4 out of 4 stars
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Burn Zones: Playing Life’s Bad Hands by Jorge Newbery is the unlikely success story of a high school dropout and his journey through life, the “burn zones” he encounters along the way and how he powers through them. Newbery defines a “burn zone” as the hardest part of a bicycle race.
Early in his career, he adopted a common-sense set of business principles based on transparency, sincerity, and empowering other people. Those principles served him well throughout his life.
Newbery’s key to success was to work harder than anyone else. For a decade, Newbery had successfully purchased troubled properties and turned them around. When an ice storm struck his 1100-unit apartment complex, he found himself at the brink of financial ruin. I would have liked the book more if Newbery had admitted that he could have avoided financial disaster by working smarter, not harder. He should have been more attentive to his insurance coverage and adopted stronger risk management methods.
Newbery’s desire to help people motivated him at his core. That is why he wrote this book! He not only has a good heart and a strong desire to help people, but he is clearly a brilliant man. I like the business model he developed of buying large scale low-income housing projects and turning them into self-supporting assets in their communities. That was very inspiring. He just took too many risks and didn’t do enough business planning.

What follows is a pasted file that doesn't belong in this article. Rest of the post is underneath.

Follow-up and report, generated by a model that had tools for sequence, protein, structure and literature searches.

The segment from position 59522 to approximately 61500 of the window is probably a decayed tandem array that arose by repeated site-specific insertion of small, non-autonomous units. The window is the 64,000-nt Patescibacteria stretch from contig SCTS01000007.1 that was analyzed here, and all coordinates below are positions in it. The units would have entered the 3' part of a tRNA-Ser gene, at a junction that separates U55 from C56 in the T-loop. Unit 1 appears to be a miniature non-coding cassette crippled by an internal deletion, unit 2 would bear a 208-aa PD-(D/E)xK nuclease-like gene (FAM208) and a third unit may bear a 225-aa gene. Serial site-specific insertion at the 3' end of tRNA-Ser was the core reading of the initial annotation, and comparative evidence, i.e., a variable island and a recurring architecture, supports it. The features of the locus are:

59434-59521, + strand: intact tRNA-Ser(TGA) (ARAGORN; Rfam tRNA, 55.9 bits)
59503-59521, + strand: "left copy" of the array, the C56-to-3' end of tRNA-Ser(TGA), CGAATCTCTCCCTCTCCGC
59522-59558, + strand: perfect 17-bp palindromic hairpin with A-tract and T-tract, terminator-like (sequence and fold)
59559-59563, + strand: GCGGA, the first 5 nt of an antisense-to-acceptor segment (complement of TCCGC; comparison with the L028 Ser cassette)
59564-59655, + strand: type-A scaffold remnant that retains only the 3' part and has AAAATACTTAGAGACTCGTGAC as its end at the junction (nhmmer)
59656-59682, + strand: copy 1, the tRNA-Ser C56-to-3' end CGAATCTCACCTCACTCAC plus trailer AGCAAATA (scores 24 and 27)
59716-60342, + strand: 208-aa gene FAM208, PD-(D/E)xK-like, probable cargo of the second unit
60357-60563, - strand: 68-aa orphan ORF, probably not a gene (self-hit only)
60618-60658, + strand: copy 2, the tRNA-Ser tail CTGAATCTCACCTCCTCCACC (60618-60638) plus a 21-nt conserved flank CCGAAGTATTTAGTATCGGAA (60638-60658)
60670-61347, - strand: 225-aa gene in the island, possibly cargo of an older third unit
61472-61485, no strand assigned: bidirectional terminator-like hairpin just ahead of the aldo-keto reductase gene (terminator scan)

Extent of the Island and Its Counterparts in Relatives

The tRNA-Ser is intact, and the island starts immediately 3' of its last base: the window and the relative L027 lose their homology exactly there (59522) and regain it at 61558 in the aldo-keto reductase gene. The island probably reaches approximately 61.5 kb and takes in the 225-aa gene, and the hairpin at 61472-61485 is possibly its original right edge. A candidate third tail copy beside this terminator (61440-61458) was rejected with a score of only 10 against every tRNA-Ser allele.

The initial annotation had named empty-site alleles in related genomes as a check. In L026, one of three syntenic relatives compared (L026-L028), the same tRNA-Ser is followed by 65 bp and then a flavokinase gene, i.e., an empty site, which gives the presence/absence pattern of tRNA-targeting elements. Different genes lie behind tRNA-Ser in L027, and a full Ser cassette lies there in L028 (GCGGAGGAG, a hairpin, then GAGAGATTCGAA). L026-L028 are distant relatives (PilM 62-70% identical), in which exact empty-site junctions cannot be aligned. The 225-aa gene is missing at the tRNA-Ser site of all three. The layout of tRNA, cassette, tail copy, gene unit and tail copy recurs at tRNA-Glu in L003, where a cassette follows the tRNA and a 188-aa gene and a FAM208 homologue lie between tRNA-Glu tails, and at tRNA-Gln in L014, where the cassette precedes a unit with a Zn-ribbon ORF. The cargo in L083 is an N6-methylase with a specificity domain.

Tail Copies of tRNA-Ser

It was fun to see Newbery turn good ideas into realities. At his lowest point, Newbery had an idea for a new company. In 2007, the real estate market left homeowners with homes worth less than their mortgages. His idea was to short sell homes and provide affordable leases and discount repurchases to families as an alternative to foreclosure.
This was an inspiring story for anyone who has been overcome by debt. It is told in an informal and personal way. It is well written and well-edited. This story would also be an excellent case study for a business management program.
I give this book 4 out of 4 stars. I love the idealistic message of the book. You need to look inward at yourself and realize that you are your own best solution to a problem by always doing your best, maintaining your integrity, and respecting other people. In my opinion, an MBA from a good business school doesn’t hurt either.
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